Committed to 'Purity of Electoral Rolls': Chief Election Commissioner Amid Concerns Over Voter Lists

Rajiv Kumar said there have been over 20 lakh deletions in the electoral rolls and a modification of over 22 lakh in the five states that are going to polls in November.

New Delhi: Last month the Telangana state election commission ordered an inquiry after three lakh voters were found to be registered at one house address in the Sherlingampally Assembly constituency. While the error was flagged by software, it brings to question the “purity” of electoral rolls once again.

Chief election commissioner (CEC) Rajiv Kumar Monday, October 9, while announcing elections to five state assemblies said there have been over 20 lakh deletions in the rolls and a modification of over 22 lakh in these five states. He also said, “Maintaining the purity of electoral rolls is our constitutional mandate and we are doing this with the 10 lakh plus BLOs (booth level officer) who do a house-to-house survey using the app (called Garud) and by maintaining the BLO register.”

So, what caused the Sherlingampally voter roll snafu? Hyderabad-based independent researcher Srinivas Kodali says if the BLO was indeed going house to house verifying voters, this wouldn’t have happened. “Now, the Election Commission of India has shifted to the centralised ERO-Net portal for verifying the rolls. If in the past it was the state CEO that did the deduplication, now the ultimate authority rests with this portal and the Electoral Register Officer is the final authority. The ERO-Net is a black box and a centralised non-transparent system. And, we don’t know who is adding or deleting names.”

ERO Net is a web-based system for use by electoral officials in 14 languages and automates the process of electoral roll management like elector registration and field verification. Prior to the introduction of this centralised network, each state was using state-specific software. The advantage is it helps a voter migrate from one constituency to another while retaining the same electoral ID number.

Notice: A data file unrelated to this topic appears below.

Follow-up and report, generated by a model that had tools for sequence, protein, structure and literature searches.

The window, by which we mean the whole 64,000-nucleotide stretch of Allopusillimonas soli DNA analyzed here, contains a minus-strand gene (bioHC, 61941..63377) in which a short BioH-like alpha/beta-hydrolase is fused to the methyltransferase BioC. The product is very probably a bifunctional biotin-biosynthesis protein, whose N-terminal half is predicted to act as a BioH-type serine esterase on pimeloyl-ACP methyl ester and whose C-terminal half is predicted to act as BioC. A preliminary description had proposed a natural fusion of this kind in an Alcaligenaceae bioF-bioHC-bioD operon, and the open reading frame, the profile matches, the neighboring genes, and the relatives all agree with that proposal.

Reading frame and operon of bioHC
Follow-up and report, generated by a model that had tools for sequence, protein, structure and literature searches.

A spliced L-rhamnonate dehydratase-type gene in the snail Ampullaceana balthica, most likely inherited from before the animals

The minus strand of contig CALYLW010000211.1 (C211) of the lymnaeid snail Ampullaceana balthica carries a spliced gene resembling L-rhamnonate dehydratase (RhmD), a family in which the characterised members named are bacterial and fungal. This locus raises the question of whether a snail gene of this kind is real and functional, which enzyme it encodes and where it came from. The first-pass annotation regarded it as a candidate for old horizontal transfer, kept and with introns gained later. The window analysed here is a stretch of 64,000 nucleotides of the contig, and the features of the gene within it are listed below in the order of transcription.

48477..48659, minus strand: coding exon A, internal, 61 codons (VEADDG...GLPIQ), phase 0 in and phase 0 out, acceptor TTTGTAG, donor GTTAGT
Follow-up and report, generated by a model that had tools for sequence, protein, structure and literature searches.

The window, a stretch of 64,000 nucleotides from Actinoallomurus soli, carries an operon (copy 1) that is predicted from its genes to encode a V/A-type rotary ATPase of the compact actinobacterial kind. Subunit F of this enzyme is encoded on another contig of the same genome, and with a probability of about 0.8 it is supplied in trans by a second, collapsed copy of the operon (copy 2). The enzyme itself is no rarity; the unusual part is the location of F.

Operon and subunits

Kodali goes on to narrate an incident of a college professor who went to get his son’s name added to the roll. The computer was manned, he says, not by the BLO but by the person who had installed the computer in the BLO’s office. “He was the one taking instructions from the BLO and entering the data. The BLO said he wasn’t computer savvy.” The CEC, however, says this work is never outsourced. 

Kodali’s plea against the linking of Aadhar ID with voter cards has been pending in the Supreme Court since 2018. One instance of a linkage done in 2015 led to the deletion of nearly 55 lakh voters from Andhra Pradesh and Telangana, who were left out of the electoral process in 2019. Activists have said Aadhar-seeded data helps profile a voter based on caste, religion, and socio-economic status. 

The purity of electoral rolls has been brought into question also by a recent paper, Democratic Backsliding in the World’s Largest Democracy by ex-Ashoka University professor, Sabyasachi Das. The paper explored irregular patterns in the 2019 elections and questioned if this is due to electoral manipulation by the incumbent party’s “ability to precisely predict and affect win margins”.

The paper had said amongst other issues that “manipulation appears to take the form of targeted electoral discrimination against India’s largest minority group – Muslims, partly facilitated by weak monitoring by election observers”.